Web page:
Please use this identifier to cite or link to this item: http://hdl.handle.net/10125/4024

Files

File Description SizeFormat 
v24n1-66-83.pdf8.86 MBAdobe PDFView/Open

Item Summary

Title: Systematics of Indo-Pacific Philippia (Psilaxis), Architectonicid Gastropods with Eggs and Young in the Umbilicus
Authors: Robertson, Robert
Issue Date: Jan-1970
Publisher: University of Hawai'i Press
Citation: Robertson R. 1970. Systematics of Indo-Pacific Philippia (Psilaxis), architectonicid gastropods with eggs and young in the umbilicus. Pac Sci 24(1): 66-83.
Abstract: The subgenus Psilaxis Woodring is distinguished from Philippia
Gray, s.s., on the basis of differences in the shells, jaws, opercula, and doubtfully
radulae. Only two species of Psilaxis, differing mainly in three protoconch characters,
are recognized in the Indo-Pacific. Philippia (Psilaxis) radiata (Roding),
with the generally smaller protoconch, is the most abundant and widespread species,
ranging from South Africa and the Red Sea east to the Marquesas and the
Hawaiian Islands ; it is thus both tropical and subtropical. Philippia (Psilaxis)
oxytropis A. Adams has a larger protoconch and a disjunct range, being known
only from the subtropical western and central Pacific Ocean-including Japan, the
Hawaiian Islands, and New Zealand but excluding latitudes between 20 ° Nand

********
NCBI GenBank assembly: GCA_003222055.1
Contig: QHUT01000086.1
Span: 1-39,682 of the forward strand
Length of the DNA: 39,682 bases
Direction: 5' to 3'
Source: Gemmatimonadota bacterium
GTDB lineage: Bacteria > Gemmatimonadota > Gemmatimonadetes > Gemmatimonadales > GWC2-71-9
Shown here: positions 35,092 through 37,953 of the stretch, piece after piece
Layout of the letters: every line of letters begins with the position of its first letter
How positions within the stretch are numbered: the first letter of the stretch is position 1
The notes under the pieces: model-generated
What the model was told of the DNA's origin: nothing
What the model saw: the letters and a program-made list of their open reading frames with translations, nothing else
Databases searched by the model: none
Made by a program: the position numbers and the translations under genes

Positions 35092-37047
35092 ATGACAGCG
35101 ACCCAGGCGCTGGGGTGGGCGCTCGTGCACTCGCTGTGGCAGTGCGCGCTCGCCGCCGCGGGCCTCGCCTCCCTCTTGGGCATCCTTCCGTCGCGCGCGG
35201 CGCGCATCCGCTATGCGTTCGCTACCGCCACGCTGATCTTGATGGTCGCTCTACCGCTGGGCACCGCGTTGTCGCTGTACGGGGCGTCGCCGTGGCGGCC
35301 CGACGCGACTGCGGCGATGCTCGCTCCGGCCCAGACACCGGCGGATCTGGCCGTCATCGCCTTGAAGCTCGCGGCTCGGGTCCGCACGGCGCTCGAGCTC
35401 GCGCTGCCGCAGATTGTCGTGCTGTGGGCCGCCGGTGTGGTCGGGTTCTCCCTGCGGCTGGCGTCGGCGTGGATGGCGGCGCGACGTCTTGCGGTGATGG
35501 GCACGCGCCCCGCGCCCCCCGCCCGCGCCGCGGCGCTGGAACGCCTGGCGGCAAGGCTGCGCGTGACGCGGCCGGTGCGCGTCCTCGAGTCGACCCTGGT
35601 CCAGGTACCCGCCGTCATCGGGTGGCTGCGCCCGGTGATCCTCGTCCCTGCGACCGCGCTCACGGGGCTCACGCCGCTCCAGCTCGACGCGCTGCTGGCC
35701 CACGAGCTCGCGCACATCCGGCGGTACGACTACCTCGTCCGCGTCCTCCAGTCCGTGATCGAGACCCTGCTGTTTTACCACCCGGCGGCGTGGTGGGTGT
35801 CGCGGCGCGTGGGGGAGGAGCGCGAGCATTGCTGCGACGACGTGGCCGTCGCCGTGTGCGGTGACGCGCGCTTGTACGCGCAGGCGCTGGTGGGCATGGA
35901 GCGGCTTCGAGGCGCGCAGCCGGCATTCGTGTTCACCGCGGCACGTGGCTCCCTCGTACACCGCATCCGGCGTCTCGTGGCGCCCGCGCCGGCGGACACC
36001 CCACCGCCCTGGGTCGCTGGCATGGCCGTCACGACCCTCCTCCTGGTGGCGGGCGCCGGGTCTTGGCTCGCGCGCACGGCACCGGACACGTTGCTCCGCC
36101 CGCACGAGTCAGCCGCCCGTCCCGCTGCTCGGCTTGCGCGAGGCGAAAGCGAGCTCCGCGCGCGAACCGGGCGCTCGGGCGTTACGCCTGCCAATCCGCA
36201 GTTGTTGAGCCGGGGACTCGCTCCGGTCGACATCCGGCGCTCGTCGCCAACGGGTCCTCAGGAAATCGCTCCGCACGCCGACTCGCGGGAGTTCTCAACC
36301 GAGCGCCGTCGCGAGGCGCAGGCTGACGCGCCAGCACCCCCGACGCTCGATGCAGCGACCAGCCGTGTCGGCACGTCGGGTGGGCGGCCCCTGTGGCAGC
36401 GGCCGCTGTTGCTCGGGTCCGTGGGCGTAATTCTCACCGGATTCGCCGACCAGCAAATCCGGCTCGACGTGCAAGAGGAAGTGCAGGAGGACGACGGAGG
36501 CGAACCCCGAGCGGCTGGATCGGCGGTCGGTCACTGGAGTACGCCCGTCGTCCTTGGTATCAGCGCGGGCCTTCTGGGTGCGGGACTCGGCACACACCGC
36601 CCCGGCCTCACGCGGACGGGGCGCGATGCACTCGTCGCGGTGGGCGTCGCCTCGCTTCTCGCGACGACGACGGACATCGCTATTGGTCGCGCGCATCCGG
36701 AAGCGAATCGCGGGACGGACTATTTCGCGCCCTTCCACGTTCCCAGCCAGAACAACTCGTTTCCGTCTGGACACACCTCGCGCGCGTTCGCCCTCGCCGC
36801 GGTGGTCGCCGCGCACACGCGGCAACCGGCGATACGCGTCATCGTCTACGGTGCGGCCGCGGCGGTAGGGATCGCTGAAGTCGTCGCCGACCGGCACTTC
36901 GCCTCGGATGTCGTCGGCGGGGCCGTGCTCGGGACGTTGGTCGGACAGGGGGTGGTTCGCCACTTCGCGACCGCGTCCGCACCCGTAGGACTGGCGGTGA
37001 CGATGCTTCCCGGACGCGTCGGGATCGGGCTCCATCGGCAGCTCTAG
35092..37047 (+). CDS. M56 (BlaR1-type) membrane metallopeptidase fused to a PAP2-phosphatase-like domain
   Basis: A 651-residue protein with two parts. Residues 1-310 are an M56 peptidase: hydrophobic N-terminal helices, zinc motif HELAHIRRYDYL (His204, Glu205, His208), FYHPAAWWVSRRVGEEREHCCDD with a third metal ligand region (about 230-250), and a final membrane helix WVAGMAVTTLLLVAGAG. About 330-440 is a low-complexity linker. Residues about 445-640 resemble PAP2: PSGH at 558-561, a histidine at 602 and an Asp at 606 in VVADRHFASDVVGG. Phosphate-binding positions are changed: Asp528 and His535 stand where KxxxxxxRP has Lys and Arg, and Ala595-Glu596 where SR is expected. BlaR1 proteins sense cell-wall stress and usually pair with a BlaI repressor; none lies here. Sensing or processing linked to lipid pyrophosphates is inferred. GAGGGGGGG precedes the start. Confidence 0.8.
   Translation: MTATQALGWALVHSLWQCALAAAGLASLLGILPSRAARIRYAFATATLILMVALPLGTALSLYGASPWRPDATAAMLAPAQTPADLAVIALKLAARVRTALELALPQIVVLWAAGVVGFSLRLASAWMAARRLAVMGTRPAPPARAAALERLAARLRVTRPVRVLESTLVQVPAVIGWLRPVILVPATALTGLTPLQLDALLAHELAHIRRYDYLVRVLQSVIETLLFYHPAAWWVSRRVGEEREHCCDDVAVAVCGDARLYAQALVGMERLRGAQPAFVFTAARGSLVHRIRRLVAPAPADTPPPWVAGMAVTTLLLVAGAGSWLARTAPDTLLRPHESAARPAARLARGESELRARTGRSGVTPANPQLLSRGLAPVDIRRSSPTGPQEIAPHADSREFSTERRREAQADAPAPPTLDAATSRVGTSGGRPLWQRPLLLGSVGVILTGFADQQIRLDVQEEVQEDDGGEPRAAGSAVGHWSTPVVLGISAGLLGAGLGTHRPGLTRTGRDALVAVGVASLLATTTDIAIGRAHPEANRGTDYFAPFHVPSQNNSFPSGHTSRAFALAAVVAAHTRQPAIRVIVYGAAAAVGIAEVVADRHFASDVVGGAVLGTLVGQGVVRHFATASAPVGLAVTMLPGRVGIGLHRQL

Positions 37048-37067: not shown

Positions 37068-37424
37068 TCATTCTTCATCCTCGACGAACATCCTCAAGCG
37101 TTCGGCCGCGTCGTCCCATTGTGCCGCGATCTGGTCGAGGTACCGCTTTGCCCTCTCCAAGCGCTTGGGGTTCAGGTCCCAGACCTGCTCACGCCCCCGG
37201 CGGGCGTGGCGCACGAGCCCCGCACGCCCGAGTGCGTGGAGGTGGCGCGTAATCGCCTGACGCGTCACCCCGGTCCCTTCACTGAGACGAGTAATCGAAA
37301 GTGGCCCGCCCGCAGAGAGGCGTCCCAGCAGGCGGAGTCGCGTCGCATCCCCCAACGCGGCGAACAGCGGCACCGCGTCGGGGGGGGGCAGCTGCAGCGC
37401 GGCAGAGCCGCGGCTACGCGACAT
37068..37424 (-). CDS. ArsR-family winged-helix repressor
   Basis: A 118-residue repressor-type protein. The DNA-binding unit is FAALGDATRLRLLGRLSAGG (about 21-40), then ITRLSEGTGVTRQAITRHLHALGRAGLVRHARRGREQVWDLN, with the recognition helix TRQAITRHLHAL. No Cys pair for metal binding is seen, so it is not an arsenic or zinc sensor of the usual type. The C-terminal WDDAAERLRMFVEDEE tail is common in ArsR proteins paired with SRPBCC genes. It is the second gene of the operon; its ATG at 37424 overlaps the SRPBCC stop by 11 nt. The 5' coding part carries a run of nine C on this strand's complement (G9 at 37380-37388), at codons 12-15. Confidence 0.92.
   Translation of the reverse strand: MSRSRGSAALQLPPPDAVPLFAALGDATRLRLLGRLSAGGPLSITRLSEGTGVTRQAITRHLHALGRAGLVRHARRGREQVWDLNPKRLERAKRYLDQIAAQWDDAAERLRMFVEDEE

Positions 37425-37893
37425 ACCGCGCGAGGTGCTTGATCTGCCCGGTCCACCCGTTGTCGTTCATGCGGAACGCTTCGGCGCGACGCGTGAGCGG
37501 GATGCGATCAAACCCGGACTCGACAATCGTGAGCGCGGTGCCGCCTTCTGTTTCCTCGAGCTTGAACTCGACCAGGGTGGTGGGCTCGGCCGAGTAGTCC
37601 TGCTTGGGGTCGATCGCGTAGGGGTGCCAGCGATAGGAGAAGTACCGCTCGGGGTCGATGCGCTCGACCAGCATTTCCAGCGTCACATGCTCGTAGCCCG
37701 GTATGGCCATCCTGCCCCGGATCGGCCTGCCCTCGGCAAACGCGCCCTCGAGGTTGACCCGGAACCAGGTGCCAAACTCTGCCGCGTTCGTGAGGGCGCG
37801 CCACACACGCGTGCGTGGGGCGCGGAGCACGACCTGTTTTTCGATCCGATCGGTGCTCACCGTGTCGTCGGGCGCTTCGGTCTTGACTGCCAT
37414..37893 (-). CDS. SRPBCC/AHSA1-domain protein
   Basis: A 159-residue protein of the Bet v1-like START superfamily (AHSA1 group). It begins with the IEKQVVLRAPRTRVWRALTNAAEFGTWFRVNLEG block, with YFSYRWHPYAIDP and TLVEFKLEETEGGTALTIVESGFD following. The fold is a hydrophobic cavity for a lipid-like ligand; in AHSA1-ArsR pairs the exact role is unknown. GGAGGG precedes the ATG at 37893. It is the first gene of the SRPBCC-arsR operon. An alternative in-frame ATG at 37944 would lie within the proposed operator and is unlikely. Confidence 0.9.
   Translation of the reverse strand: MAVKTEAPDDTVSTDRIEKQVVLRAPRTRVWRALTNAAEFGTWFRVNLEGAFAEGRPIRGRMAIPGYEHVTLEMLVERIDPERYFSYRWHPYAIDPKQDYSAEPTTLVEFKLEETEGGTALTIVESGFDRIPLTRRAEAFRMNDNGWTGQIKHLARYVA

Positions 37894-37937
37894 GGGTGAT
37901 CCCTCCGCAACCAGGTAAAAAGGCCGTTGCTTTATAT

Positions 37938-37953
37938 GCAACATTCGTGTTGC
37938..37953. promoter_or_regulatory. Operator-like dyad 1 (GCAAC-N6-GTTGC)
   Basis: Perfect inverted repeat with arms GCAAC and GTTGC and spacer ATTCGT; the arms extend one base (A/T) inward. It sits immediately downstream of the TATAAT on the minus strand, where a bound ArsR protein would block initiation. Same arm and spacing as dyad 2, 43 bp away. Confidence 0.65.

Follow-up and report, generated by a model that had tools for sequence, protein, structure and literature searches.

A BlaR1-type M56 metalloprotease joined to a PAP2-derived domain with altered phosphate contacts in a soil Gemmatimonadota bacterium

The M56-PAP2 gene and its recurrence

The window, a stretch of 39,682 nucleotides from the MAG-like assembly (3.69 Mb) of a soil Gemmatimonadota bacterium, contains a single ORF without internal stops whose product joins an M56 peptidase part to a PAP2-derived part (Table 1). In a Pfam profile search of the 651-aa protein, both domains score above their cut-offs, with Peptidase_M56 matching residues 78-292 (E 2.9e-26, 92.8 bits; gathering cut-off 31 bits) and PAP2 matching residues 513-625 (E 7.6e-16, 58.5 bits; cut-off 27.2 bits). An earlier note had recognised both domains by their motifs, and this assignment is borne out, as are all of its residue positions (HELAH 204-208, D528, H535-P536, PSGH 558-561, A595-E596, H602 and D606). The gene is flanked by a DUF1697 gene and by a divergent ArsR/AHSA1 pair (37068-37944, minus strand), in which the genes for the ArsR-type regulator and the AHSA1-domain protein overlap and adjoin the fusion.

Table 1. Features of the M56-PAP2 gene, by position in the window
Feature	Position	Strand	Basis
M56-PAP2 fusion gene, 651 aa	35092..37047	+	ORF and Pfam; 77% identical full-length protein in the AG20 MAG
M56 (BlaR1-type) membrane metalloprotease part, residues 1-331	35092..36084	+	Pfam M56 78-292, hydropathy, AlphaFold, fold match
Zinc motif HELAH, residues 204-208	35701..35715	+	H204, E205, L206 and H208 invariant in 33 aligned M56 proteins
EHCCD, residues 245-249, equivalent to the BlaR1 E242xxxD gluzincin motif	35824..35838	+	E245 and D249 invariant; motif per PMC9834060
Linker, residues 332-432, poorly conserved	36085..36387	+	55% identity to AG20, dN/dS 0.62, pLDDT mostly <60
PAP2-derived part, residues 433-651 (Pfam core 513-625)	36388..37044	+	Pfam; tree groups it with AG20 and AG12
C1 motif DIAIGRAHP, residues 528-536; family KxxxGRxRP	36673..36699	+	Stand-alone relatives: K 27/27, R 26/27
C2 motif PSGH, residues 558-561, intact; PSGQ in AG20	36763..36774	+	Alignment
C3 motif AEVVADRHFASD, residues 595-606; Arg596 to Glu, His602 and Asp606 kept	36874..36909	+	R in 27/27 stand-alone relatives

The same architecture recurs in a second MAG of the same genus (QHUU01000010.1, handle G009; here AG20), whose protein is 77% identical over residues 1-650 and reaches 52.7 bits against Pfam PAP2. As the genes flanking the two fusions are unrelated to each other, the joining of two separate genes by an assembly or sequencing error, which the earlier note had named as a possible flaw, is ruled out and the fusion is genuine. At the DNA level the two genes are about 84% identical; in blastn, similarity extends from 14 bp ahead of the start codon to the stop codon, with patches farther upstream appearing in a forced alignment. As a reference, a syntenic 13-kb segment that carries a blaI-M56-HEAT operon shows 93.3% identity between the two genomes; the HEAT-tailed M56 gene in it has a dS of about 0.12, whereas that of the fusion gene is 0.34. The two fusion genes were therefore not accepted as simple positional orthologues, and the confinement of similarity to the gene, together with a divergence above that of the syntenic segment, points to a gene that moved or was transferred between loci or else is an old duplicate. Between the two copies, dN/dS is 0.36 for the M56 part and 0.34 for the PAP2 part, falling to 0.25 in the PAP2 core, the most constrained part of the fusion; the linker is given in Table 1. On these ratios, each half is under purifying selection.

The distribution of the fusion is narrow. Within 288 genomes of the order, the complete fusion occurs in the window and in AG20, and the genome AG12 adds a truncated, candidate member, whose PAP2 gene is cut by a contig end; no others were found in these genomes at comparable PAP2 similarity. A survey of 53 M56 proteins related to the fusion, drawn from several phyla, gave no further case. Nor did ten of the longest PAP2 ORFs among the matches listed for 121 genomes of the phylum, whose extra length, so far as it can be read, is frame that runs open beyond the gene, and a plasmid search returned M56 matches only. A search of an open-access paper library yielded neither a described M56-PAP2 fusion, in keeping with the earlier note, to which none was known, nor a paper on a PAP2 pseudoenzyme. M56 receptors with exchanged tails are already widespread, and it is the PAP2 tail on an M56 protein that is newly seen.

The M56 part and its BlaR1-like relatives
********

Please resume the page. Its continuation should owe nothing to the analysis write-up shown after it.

20 ° S. Young postlarval P. oxytropis live in the umbilicus of the adult shells,
and in P. radiata one egg mass has been found in an umbilicus. Nevertheless it
is concluded from the small egg size of P. radiata (average diameter 63μ) that
both species have a long pelagic larval stage. Philippia hybrida (Linn.) is a
Mediterranean species in the subgenus Philippia, s.s., and P. layardi A. Adams is
a synonym of P. radiata. In Marqu esan P. radiata there is a noteworthy increase
and bimodality in protoconch size that are attributed tentatively (with no chromosomal
evidence) to polyploidy. Polyploidy perhaps also is involved in the origin
of species of Philipp ia and in the origin of Psilaxis from Philippia, s.s. By the
Miocene, Psilaxis seems to have displaced Philippia, s.s., from most areas except
peripherally in the subtropics. The pyramidellid-like egg capsules of architectonicids
are described for the first time, and the larvae are also opisthobranch-like.
Philippia has a cuticularized esophageal tube and radular teeth similar ( analogous? )
to those in the Epitoniidae.
URI/DOI: http://hdl.handle.net/10125/4024
ISSN: 0030-8870
Appears in Collections:Pacific Science Volume 24, Number 1, 1970



Items in ScholarSpace are protected by copyright, with all rights reserved, unless otherwise indicated.